Welcome to the DoItYourself Forums!

To post questions, help other DIYers and reduce advertising (like the one on your left), join our DIY community. It's free!

Installing Ecobee4 but lack a C wire


Dane_Aus's Avatar
Member

Join Date: Jan 2018
Posts: 18

01-08-18, 06:26 PM   #1  
Installing Ecobee4 but lack a C wire

Hi Guys, I thought I'd continue an existing thread rather than starting a new one. (Please let me know if that's not the best approach).

I have an existing 2 wire unit that I am trying to install an Ecobee4 to control. I have done some reading/research through this forum and the Ecobee support section and I am still confused as to the exact approach I should take.

My existing control board for my heater is below:
B9ey41cCRlr1TmY3ZDA1aUJFOFlkcy1aeUEycUZNc21FYWNn
Name:  e1.jpg
Views: 325
Size:  92.2 KB

ey41cCRlr1MUh3UkFSM1FOWUZEZjBEaDI5N2ZMdmR4WG1r
Name:  e2.jpg
Views: 334
Size:  51.4 KB

And my existing heather thermostat is:
ey41cCRlr1OUZGaDFWaXM3X3U1blFpcDB2Q3dBU2dRLU9r
Name:  e3.jpg
Views: 325
Size:  49.5 KB

From what I can gather, I needs to purchase a "FAST-STAT common maker and sender" to create the 3 wires (R,W & C) I need to make the Ecobee4 work, using my existing 2 wires on the control board (marked 'T/Stat'). I have been doing some reading from this link - https://support.ecobee.com/hc/en-us/...-installations

Just wondering if this is the best approach or not?

The other issue is actually being able to buy the FAST-STAT equipment as Amazon appears to have none in stock or an indication of when it will be back in stock.

Appreciate any help you guys can give me on this!

Thanks,
Dane

Mod note: member from Australia


Last edited by PJmax; 01-08-18 at 06:48 PM. Reason: added pics from links
 
Sponsored Links
PJmax's Avatar
Group Moderator

Join Date: Oct 2012
Posts: 42,486
NJ

01-08-18, 06:57 PM   #2  
Welcome to the forums.

I'll be moving this to its own thread. Your system is nothing like the one in this thread.

You have a data type communicating system. That thermostat tells your heating (cooling ??) what to do based on digital commands. I don't recognize the control board used there and cannot tell you how to bypass it. The Fenwal unit is just for the furnace ignition. The control board tells that when to fire and when to activate the blower. I'd need to see the service manual for that furnace or a wiring diagram but based on what i see in the pictures..... no Ecobee for you.


~ Pete ~

 
Dane_Aus's Avatar
Member

Join Date: Jan 2018
Posts: 18

01-08-18, 07:06 PM   #3  
Thanks for that Pete, I'm not 100% on the exact model, but it should be covered in this - https://www.energyaustralia.com.au/r...n%20Manual.pdf

I'll take some more photos this afternoon and post them up.

 
PJmax's Avatar
Group Moderator

Join Date: Oct 2012
Posts: 42,486
NJ

01-08-18, 07:16 PM   #4  
I looked over the manual. No real wiring diagrams in there but it looks like that control board is integral to the operation of that unit. I don't think you can run the system without it.

Is this just heat or heating and cooling ?


~ Pete ~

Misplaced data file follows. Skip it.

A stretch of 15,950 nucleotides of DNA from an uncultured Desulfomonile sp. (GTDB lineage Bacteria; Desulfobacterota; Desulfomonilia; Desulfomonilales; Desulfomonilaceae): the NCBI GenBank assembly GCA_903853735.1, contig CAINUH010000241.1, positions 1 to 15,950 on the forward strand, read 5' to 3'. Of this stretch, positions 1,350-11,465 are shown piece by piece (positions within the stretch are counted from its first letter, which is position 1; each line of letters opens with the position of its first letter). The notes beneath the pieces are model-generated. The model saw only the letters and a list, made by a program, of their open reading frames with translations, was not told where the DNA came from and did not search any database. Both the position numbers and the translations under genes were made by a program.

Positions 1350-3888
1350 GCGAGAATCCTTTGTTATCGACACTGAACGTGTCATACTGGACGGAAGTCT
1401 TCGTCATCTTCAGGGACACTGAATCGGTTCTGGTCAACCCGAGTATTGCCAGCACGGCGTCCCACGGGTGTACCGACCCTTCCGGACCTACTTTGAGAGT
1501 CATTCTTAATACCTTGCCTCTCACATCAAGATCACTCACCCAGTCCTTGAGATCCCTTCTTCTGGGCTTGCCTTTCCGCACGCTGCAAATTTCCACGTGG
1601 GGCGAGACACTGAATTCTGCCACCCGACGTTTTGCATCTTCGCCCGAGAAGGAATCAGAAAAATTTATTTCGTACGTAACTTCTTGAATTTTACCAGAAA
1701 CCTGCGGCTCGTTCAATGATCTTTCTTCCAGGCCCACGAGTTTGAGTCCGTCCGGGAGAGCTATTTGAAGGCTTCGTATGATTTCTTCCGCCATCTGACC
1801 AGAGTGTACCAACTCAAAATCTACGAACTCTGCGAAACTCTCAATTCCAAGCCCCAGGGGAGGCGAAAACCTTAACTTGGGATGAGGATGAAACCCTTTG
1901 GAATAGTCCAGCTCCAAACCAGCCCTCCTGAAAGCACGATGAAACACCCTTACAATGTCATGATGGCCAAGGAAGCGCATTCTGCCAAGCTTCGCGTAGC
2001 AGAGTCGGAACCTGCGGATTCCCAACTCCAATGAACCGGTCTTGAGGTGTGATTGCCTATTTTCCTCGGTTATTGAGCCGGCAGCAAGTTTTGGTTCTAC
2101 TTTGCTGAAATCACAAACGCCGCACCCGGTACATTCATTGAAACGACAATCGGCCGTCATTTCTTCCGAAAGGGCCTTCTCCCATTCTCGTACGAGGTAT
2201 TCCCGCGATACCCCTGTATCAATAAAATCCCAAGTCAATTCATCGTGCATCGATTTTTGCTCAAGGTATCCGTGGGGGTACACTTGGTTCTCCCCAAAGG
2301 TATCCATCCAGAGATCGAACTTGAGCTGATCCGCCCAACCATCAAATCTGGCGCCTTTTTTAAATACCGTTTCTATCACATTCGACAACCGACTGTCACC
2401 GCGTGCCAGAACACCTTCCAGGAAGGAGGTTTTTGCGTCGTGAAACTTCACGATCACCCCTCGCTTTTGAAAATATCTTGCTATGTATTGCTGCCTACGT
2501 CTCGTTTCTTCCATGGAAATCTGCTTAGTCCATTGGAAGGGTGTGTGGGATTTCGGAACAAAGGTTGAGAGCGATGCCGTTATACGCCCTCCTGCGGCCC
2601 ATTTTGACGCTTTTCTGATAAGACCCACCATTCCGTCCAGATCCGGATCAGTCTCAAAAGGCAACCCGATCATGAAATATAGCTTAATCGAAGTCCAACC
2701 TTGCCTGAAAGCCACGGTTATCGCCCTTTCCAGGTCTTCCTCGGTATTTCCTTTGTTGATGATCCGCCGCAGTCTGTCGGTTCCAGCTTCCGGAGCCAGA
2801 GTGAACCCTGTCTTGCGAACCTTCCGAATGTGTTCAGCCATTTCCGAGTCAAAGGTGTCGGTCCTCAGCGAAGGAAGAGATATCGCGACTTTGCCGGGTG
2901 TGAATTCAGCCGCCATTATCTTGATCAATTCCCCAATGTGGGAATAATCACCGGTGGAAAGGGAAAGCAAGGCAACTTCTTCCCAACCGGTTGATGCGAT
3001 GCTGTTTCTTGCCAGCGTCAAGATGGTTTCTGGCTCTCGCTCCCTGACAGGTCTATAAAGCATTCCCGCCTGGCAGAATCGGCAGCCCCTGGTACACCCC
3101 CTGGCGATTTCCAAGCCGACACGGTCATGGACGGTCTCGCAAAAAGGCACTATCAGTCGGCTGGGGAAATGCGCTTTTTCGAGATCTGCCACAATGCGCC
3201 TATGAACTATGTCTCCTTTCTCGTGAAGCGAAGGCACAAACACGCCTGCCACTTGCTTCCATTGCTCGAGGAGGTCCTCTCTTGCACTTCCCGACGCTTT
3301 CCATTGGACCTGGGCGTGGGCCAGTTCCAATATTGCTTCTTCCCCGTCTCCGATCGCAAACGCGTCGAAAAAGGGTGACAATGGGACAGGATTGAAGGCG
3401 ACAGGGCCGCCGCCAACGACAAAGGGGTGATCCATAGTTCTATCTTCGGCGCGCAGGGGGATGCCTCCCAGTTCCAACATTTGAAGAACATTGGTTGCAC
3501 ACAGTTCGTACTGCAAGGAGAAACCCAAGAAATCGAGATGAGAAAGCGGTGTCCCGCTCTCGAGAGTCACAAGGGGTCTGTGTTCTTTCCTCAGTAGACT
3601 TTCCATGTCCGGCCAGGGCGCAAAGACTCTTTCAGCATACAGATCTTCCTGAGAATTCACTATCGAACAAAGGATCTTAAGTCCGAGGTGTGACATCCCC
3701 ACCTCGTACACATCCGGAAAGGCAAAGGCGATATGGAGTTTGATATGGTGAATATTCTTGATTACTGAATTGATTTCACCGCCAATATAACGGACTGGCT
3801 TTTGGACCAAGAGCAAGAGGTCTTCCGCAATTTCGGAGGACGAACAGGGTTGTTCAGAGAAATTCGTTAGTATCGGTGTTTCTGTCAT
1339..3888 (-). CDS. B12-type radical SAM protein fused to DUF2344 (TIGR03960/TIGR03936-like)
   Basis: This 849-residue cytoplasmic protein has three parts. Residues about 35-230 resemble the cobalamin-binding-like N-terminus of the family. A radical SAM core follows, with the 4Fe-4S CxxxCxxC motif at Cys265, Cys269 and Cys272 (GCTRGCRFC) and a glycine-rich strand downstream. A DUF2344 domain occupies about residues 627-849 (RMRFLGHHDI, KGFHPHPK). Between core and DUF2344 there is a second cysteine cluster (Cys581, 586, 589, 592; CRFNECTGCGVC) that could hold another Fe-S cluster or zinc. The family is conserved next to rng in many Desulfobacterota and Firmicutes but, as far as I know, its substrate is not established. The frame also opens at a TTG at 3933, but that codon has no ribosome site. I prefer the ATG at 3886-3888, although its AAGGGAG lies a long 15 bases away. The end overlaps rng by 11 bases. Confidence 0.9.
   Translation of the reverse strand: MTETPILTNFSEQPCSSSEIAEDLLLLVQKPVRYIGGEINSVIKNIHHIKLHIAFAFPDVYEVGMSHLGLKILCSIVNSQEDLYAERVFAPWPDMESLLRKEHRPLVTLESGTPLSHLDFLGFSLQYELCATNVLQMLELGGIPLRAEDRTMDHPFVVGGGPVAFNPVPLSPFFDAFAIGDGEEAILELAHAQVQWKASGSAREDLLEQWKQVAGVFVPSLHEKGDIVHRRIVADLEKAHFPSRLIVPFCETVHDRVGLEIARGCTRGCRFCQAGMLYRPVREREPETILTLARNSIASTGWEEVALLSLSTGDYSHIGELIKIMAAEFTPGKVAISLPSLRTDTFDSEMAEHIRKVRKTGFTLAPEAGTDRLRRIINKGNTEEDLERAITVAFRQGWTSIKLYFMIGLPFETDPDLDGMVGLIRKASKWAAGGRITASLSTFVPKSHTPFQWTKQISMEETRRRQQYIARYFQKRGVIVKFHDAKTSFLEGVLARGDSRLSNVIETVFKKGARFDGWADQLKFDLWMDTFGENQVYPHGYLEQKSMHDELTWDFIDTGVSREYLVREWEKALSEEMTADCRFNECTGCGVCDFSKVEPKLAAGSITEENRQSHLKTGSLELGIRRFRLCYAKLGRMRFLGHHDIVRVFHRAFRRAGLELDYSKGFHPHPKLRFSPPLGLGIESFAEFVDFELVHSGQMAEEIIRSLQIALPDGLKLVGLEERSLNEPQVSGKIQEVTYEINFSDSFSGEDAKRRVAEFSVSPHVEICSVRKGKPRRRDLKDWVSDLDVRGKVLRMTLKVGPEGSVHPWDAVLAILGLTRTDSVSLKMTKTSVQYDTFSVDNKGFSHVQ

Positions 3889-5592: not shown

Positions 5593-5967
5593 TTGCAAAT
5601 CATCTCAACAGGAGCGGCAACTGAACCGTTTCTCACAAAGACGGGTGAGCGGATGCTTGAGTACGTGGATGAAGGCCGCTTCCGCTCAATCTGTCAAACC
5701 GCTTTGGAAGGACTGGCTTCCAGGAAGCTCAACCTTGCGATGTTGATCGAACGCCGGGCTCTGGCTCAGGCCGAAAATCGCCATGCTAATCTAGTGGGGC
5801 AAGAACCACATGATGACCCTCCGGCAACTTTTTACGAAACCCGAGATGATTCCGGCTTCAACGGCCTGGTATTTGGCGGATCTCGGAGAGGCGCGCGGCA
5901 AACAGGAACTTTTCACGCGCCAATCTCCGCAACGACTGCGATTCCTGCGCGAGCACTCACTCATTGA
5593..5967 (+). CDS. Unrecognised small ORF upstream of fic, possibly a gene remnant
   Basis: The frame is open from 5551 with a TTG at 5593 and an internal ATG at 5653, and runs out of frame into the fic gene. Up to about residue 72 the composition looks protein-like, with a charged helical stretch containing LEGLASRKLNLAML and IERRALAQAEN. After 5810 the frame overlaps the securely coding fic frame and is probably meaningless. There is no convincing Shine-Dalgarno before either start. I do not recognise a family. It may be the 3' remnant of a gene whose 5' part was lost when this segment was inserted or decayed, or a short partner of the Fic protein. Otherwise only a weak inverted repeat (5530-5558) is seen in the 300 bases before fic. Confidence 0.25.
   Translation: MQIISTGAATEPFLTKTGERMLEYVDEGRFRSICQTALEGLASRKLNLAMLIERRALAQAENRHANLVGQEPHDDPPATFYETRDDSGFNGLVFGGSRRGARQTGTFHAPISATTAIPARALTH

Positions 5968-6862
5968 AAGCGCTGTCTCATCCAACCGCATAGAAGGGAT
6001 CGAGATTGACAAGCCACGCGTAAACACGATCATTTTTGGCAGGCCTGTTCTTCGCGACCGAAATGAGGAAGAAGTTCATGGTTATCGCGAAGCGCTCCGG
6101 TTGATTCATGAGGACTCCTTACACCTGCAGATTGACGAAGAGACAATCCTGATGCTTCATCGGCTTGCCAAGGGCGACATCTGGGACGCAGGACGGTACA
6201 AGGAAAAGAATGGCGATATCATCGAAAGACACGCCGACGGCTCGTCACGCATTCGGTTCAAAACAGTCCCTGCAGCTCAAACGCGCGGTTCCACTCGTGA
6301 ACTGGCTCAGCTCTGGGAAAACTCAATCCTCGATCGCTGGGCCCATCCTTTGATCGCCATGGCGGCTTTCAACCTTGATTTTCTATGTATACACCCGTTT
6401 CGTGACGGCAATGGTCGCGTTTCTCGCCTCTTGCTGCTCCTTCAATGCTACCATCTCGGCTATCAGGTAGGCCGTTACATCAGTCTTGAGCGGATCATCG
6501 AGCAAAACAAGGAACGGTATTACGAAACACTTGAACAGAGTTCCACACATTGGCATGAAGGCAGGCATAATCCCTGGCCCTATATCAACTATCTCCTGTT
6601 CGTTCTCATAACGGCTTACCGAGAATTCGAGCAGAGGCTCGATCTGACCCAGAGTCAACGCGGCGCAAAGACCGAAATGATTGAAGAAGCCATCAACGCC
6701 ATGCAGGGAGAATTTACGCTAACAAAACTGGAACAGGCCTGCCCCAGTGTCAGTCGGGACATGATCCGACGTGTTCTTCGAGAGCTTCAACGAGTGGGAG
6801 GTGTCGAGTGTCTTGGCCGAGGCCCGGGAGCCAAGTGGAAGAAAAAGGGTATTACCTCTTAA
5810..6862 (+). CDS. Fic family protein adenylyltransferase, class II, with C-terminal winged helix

Dane_Aus's Avatar
Member

Join Date: Jan 2018
Posts: 18

01-08-18, 07:22 PM   #5  
The is a central heating unit only. No cooling.

If I connect the 2 wires together that were wired into the existing thermostat, the heather turns one until the wires are pulled apart.

I assumed (stupidly obviously) that a smart controller would be able to manage this, but it looks like I am wrong...

Probably should have researched better before buying!

 
PJmax's Avatar
Group Moderator

Join Date: Oct 2012
Posts: 42,486
NJ

01-08-18, 07:25 PM   #6  
You could power the ignition board from the ecobee but the blower is controlled by that SCC board. No easy easy way to have the ecobee control the blower. There is also a sensor inside the duct that reports back to the SCC board. The ecobee can't use it.


~ Pete ~

 
Dane_Aus's Avatar
Member

Join Date: Jan 2018
Posts: 18

01-08-18, 07:59 PM   #7  
Well that sucks, I assume any of these methods would result in the Ecobee having power and being able to switch the ignition board. But the blower would never turn on?
https://www.fast-stat.net/pdf/Common...ctions-Set.pdf

 
PJmax's Avatar
Group Moderator

Join Date: Oct 2012
Posts: 42,486
NJ

01-08-18, 08:22 PM   #8  
Do you know any people down there in the HVAC trade ?
They may be able to help you.

I've never worked with that unit you have.


~ Pete ~

 
Dane_Aus's Avatar
Member

Join Date: Jan 2018
Posts: 18

01-08-18, 08:25 PM   #9  
unfortunately not. I might try and find a great forum like this that is Australian based. Hopefully someone here might have done something similar already!

Thanks for your help so far, much appreciated!

 
PJmax's Avatar
Group Moderator

Join Date: Oct 2012
Posts: 42,486
NJ

01-08-18, 08:38 PM   #10  
If you can find more technical info on that unit..... especially servicing.... let me know.


~ Pete ~

 
doughess's Avatar
Member

Join Date: Apr 2014
Posts: 372
NY

01-09-18, 06:39 AM   #11  
On the circuit board to the right of the green Earth dot is a white box marked 24 volt transformer. Those wires go transformer partially visible in the upper right corner of picture. One of the two black wires in that box is C.

Use a volt meter and measure from one black wire to the thermostat wires. One of the 2 will read 24 volts. That is C wire.

 
PJmax's Avatar
Group Moderator

Join Date: Oct 2012
Posts: 42,486
NJ

01-09-18, 09:43 AM   #12  
Doug got me thinking. When I look closer at your stat I see it's connected to Rh and W. That means that it is not a communicating thermostat. The part that needs to be checked into is that there are two brown wires on the thermostat but not at the control board. Do you know why ?

Looks like gray at the board.


~ Pete ~

 
Dane_Aus's Avatar
Member

Join Date: Jan 2018
Posts: 18

01-09-18, 04:17 PM   #13